Science is the systematic and objective pursuit of knowledge based on falsifiable predictions that are testable by experiment or observation. While science seeks truth, it is always open to challenge based on verifiable facts. A scientific theory or law may be widely accepted and verified such that it is true for all practical purposes. However, it is never considered final and permanent such that it may be challenged by new findings. The following are the branches of science with examples of each.
Formal ScienceFormal sciences are systems of knowledge based on abstract concepts represented by symbols such that they are widely applicable to other sciences. These are often based on proofs such that these systems are internally correct with a high degree of certainty.
Natural ScienceNatural science is the use of science to understand the physical world. As these sciences deal with physical and observable phenomena these are considered hard science whereby the standard of proof is very high to have a theory accepted. Compliance with the scientific method is relatively high in the natural sciences with peer review and reproducibility required for acceptance of a theory.
Applied ScienceThe use of science to solve real world problems. This is considered with the discovery of know-how and development of actionable plans using foundational knowledge created by formal sciences and natural sciences. For example, an architect who uses physics, mathematics and material science to determine the wind load the facade of a building can tolerate.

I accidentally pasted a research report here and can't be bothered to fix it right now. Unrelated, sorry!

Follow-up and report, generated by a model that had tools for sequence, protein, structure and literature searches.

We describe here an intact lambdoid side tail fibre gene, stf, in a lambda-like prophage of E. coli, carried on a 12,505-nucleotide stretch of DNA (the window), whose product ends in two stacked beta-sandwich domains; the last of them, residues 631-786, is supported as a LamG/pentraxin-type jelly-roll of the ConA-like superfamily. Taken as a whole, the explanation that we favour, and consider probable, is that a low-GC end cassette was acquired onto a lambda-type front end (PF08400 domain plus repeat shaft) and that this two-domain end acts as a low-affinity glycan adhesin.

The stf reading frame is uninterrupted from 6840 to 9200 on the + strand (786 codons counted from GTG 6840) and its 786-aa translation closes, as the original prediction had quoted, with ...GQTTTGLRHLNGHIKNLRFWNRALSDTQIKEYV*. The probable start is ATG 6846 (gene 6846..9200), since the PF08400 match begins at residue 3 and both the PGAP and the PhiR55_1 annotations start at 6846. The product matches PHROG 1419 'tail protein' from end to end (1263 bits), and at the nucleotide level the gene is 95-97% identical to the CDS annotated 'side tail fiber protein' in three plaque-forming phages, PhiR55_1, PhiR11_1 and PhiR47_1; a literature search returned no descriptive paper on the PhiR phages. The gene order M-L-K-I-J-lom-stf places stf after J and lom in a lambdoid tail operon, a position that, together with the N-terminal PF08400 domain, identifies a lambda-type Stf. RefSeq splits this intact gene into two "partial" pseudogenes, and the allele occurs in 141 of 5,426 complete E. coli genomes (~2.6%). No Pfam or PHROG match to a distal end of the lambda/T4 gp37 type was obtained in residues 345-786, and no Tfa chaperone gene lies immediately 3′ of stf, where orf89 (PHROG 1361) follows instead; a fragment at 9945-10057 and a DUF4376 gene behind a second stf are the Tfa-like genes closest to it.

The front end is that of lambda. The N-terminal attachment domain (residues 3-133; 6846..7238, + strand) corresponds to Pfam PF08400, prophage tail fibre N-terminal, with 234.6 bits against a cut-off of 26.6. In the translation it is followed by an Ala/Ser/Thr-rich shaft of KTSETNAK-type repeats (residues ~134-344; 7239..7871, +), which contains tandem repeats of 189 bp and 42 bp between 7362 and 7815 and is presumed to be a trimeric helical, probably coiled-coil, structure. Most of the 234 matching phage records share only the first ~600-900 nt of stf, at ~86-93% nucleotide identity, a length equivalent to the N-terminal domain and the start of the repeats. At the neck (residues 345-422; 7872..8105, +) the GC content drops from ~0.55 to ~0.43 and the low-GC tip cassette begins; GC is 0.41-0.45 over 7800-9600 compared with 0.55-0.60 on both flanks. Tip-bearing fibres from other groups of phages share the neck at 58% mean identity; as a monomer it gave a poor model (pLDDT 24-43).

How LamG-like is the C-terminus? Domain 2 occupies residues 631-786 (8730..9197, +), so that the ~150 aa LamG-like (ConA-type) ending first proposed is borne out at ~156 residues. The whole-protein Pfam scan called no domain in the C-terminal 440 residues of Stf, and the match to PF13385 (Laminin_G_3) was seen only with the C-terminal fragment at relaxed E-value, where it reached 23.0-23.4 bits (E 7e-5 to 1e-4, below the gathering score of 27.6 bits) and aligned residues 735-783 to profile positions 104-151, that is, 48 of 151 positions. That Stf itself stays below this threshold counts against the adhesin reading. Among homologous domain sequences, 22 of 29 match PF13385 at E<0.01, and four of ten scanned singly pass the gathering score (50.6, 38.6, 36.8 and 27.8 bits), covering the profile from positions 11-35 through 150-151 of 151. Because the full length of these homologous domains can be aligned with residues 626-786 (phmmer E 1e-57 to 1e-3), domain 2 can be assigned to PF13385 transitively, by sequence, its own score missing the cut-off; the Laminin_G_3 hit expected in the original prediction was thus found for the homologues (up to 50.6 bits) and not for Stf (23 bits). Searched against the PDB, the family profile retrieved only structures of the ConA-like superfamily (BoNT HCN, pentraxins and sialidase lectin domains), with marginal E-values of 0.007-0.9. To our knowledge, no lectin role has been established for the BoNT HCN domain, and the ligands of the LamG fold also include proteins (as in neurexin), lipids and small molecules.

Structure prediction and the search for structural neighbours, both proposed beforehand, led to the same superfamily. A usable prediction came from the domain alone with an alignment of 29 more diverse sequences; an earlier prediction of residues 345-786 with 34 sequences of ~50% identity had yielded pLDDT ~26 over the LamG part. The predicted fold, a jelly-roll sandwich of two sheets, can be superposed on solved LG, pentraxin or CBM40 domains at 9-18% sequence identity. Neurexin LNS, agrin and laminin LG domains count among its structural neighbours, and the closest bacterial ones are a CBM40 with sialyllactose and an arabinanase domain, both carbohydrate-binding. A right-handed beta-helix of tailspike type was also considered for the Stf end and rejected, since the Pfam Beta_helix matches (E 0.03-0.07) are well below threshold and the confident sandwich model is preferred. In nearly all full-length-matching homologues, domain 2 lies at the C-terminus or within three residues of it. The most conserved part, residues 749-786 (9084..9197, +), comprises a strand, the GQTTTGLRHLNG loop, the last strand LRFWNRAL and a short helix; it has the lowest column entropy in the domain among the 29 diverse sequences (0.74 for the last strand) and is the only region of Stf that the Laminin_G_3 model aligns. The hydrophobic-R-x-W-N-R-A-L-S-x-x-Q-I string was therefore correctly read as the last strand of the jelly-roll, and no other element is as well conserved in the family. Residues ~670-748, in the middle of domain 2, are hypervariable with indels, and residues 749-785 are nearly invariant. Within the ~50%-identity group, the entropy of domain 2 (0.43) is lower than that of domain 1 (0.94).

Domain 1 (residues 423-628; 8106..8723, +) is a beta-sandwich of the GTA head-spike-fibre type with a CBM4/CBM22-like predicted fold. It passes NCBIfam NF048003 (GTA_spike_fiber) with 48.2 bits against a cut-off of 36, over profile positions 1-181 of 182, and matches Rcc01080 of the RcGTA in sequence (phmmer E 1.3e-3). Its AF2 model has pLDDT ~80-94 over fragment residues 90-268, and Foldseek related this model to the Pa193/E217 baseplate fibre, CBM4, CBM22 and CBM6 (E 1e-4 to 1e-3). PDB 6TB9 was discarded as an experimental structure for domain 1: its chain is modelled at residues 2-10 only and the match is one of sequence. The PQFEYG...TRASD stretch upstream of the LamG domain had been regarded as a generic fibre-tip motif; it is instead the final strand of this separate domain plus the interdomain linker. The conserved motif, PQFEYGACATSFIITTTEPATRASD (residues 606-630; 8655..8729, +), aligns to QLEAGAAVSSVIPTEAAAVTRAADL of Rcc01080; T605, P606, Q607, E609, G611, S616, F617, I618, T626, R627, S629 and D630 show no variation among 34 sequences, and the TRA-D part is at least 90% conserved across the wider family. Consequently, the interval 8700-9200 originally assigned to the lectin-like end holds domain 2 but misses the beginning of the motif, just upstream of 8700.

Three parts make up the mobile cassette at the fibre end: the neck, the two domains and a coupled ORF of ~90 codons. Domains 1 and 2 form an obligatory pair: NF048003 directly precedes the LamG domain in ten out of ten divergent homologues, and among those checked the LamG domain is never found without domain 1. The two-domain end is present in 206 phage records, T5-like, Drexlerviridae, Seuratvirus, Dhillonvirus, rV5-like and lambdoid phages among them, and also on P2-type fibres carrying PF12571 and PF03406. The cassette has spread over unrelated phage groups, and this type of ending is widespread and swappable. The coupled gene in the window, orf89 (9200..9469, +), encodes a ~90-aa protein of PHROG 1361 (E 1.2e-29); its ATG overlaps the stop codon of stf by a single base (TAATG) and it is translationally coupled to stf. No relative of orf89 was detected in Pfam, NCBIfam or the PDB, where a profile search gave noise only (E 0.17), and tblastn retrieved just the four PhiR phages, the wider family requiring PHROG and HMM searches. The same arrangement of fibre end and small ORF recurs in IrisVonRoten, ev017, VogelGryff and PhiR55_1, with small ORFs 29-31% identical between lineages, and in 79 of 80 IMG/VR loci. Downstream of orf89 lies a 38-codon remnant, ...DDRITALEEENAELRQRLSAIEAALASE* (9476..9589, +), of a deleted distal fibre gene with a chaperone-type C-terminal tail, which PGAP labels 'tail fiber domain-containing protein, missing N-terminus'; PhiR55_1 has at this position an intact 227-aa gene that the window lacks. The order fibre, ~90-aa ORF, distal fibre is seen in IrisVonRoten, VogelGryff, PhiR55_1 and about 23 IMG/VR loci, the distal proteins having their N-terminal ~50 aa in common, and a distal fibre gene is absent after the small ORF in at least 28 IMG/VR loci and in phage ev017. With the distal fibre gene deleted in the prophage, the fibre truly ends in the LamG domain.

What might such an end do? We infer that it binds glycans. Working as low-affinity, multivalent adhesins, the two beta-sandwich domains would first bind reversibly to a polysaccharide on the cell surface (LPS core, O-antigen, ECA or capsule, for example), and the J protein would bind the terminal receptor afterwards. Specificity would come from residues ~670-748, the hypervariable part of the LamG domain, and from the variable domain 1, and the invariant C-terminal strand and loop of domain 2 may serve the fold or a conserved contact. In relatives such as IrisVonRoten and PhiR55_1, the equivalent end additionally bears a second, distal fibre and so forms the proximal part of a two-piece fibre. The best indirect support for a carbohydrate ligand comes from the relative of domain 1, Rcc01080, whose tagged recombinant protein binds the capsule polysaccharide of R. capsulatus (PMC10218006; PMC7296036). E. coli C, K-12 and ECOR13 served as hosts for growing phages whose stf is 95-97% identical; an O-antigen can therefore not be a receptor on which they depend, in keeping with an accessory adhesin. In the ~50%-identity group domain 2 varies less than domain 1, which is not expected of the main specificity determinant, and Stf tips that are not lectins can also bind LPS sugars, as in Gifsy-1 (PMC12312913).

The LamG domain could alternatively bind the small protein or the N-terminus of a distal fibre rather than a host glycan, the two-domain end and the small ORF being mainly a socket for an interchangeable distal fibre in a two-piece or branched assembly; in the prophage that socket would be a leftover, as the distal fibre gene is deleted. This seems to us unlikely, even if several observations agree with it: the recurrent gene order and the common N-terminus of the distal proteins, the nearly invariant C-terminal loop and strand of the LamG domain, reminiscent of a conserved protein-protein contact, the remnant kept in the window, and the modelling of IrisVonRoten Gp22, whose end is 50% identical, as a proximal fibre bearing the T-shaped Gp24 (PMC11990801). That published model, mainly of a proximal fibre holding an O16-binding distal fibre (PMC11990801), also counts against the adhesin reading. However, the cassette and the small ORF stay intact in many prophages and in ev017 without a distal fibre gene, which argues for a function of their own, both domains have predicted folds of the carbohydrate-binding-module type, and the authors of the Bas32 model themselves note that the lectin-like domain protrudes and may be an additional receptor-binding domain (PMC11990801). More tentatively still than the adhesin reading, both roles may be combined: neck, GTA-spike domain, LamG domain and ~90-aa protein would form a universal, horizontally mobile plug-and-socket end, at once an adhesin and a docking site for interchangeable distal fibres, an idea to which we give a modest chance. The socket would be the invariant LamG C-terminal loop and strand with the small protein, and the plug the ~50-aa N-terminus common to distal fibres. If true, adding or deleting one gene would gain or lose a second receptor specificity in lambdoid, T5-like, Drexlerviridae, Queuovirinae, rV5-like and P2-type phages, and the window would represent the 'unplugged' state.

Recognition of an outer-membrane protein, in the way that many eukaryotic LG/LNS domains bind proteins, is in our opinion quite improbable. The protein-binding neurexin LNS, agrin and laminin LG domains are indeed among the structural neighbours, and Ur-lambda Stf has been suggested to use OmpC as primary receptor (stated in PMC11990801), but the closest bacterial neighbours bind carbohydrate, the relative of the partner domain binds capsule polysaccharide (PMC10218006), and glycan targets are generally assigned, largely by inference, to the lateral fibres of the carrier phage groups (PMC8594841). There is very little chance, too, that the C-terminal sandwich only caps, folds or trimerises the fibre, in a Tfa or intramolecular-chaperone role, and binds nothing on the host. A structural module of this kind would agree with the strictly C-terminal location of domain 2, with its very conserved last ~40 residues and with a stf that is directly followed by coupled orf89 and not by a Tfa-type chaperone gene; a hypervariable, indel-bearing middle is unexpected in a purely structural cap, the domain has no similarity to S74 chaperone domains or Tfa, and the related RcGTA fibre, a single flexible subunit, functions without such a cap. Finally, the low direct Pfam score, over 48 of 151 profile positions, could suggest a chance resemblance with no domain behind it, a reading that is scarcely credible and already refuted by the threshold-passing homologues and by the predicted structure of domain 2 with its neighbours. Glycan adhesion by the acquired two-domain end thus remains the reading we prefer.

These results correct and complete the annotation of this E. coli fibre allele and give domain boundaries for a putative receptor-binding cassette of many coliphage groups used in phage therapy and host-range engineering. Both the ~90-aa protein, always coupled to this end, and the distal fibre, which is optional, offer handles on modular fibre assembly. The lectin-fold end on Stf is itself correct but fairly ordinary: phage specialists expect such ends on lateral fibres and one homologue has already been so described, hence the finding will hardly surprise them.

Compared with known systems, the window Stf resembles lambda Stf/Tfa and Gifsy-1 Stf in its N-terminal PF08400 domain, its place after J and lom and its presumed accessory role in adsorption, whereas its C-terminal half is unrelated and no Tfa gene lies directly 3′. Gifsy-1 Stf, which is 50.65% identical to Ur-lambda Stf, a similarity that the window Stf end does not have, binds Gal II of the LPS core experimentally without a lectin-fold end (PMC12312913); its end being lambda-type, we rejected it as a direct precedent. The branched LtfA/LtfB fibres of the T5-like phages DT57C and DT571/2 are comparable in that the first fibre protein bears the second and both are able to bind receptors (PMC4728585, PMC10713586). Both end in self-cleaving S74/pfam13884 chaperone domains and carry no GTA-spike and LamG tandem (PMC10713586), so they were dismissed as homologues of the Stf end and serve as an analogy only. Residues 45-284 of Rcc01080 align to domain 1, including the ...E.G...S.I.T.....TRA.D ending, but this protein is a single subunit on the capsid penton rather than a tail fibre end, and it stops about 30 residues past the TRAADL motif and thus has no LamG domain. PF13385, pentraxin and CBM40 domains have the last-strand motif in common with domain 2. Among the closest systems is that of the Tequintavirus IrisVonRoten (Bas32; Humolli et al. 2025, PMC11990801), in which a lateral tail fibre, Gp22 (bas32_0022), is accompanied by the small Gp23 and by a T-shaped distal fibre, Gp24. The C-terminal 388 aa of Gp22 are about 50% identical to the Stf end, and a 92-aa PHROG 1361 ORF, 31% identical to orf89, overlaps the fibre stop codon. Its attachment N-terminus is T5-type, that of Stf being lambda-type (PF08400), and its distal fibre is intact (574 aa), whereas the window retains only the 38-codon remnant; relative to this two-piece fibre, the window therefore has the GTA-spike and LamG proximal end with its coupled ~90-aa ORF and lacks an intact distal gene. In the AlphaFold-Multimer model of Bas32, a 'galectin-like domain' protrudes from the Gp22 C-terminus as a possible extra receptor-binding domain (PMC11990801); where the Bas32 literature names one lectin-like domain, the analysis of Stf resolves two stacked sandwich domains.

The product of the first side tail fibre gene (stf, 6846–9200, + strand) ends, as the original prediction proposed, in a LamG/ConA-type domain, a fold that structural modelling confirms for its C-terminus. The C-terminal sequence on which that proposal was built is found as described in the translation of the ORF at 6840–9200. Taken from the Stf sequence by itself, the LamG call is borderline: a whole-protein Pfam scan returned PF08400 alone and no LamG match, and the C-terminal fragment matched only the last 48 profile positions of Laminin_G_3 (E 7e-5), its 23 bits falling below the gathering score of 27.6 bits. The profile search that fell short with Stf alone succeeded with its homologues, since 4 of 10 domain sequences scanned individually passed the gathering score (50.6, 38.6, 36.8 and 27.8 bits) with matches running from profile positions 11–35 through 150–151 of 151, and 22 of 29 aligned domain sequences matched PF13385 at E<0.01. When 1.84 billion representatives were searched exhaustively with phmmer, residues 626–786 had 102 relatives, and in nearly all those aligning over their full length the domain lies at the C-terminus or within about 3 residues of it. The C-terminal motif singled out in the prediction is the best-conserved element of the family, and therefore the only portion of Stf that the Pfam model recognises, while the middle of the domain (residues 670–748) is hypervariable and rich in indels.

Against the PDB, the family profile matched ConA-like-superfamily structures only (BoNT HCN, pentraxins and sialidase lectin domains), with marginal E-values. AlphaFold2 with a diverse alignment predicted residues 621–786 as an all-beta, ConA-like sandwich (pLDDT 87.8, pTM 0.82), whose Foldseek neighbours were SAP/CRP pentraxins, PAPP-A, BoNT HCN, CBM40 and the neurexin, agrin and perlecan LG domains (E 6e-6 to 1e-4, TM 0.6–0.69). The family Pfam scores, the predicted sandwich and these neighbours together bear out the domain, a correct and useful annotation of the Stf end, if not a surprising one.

Social ScienceSocial science is the study of societies and individuals. This is considered a soft science whereby theories may be based on informal logic, imprecise measurement or studies that lack scientific rigor. In fields such as psychology, it is common for studies that do conform to the scientific method to fail to be verified by subsequent studies†.
OverviewScience is a systematic endeavor characterized by the formulation and empirical testing of falsifiable hypotheses to understand natural phenomena. This is based on formal sciences, particularly mathematics, logic and statistics.
SummaryThe following are the basic types of formal and natural science. Each of these has many subfields and related interdisciplinary fields that involve multiple sciences.The list above excludes applied sciences and social sciences..
DiscussionHuman behavior and systems involve copious amounts of qualitative information that isn't easy to measure directly. Studies in the social sciences, such as economics, can be fully based on quantitative data but may still produce models with limited predictive power. Humans are dynamic, complex and human systems are fully chaotic. Understanding these systems requires high level concepts that tend to be somewhat ambiguous. In some cases, social sciences fully reject the scientific method. For example, postmodern relativism that rejects the existence of objective reality itself in favor of the idea that reality is a set of subjective experiences with no universal truths.Next: Hard Science
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References†Maxwell, Scott E., Michael Y. Lau, and George S. Howard. "Is psychology suffering from a replication crisis? What does “failure to replicate” really mean?." American Psychologist 70.6 (2015): 487.
An overview of biology with examples.
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An overview of the characteristics of a good theory.
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